[Buddha-l] Re: [Karma and ethics [was: angels]

Richard P. Hayes rhayes at unm.edu
Fri May 27 21:05:39 MDT 2005

On Sat, 2005-05-28 at 08:51 +0700, Randall Jones wrote:

> So what would be misguided in making use of Western discussions or 
> critiques of consequentialism and so forth in a Buddhist's (and therefore 
> Buddhist I would think) consideration of what to do or at least of how to 
> think about what to do?

It depends on whether one is trying to be an historian or a wholesome
person (which I do not take to be mutually exclusive categories). 

If one is striving to be historically accurate about Buddhist thinking,
then it is somewhat misleading to describe Buddhist theories in terms of
constructs that were alien to the settings where Buddhism evolved. I do
not see much evidence that Indian Buddhists had ethical theories of any
kind. They were, when compared to their European counterparts, quite
theoretically naive about ethics. I am reminded, in this context, of one
of the philosophers who attended Alexander of Macedonia in his campaigns
in the Indus valley. His observation was "The Indians actually live the
kind of life we Greeks spend all our time talking about living." Perhaps
the Indians were so successful in being well-behaved precisely because
they were not preoccupied much with the theoretical niceties of what
good behavior consists in. Perhaps they practiced precisely because they
knew better than to preach. (But now I am waxing Romantic, like the
doddering old fool that I am.)

If one is striving to live a wholesome and productive life, then I
applaud using whatever resources one has available. Then one might agree
with Richard Rorty that the only philosophical question that is still
fully alive is the ethical question of what kind of society ought we
strive to have. His answer, which I like as much as the question, is
that the only kind of society really worth having is one in which
everyone feels free to state his or her views and in which no one is
silenced, provided that an air of basic respect for others is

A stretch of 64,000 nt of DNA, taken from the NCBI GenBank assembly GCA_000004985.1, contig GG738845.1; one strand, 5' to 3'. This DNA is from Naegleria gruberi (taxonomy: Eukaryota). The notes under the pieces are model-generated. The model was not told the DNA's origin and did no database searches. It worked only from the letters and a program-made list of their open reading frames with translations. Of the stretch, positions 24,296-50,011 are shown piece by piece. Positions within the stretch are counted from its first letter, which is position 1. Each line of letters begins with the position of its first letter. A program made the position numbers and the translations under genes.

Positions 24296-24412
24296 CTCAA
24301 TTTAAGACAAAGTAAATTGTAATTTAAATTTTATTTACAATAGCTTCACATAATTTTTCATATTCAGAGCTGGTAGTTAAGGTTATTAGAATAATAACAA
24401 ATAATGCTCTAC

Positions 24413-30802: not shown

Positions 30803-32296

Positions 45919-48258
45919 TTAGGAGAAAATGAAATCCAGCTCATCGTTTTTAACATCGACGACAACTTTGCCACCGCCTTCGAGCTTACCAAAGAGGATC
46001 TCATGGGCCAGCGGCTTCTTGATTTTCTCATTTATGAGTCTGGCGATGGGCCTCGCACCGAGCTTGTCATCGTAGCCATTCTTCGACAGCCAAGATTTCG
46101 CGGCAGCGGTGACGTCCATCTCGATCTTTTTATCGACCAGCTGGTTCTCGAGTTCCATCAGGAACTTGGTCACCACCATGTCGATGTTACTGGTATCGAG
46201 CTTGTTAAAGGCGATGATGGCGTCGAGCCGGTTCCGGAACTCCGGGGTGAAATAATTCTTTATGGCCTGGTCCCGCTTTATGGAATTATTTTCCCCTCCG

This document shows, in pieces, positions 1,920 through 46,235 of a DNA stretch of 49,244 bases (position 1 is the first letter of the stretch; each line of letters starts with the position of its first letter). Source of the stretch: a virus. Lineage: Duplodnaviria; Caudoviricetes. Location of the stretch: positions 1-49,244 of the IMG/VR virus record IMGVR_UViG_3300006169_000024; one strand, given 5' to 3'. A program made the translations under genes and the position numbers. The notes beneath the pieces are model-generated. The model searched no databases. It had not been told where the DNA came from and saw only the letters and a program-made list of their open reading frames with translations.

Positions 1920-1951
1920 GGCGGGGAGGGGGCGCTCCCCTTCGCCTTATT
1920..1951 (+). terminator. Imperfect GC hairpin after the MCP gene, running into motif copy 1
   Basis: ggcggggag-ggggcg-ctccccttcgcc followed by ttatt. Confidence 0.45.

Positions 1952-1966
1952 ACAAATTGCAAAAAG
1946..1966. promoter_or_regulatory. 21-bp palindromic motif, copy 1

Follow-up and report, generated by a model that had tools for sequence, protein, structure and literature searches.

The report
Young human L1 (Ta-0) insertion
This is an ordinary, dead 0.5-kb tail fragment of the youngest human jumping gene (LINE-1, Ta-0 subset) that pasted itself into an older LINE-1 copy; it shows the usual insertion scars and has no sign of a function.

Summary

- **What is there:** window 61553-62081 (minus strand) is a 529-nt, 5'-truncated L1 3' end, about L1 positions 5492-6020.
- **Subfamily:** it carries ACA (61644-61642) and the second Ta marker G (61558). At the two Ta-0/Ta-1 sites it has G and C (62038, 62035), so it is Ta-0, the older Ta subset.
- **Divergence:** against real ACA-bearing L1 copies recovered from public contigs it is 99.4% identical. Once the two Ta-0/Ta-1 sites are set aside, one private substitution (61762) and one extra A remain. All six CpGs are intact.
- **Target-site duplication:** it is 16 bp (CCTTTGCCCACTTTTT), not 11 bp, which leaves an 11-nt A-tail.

maintained. Rorty thereby thinks of himself as an ethical relativist, a
position that he is fully aware is repugnant to others, many of whose
positions are equally repugnant to him.

One could, I suppose, try to make the case for classical Buddhism being
somewhat like Rorty's style of pluralistic Pragmatism, but I think doing
so would be a bit of an intellectual tour de force. Perhaps a more
honest approach for a Western person who has decided to pretend for a
while to be a Buddhist would be to say "when it comes to ethics, I get
more mileage out of John Stuart Mill and Bernard Williams and Peter
Singer than out of classical Buddhist theory of karma."

> Lately I'm looking again at communicative ethics (toward which I lean), and 
> right speech.  Mistake?

The part of me that constantly impales the politicians of my country for
their many failures to speak plainly and with integrity can only applaud
anyone who leans to ethical acts of communication. Of all the precepts
of Buddhism, none have preoccupied me more than the speech precepts.
There is, to be sure, a behavioral congruence between communicative
ethics and Buddhist speech precepts. That notwithstanding, I think it is
a mistake to see Buddhist speech precepts as a subset of what in the
West we call ethics. But I'm willing to be shown wrong. In fact, I have
a graduate student right now who may do an excellent job of showing just
how wrong I am.

Richard Hayes
"Above all things, take heed in judging one another, 
for in that ye may destroy one another...
and eat out the good of one another."-- George Fox

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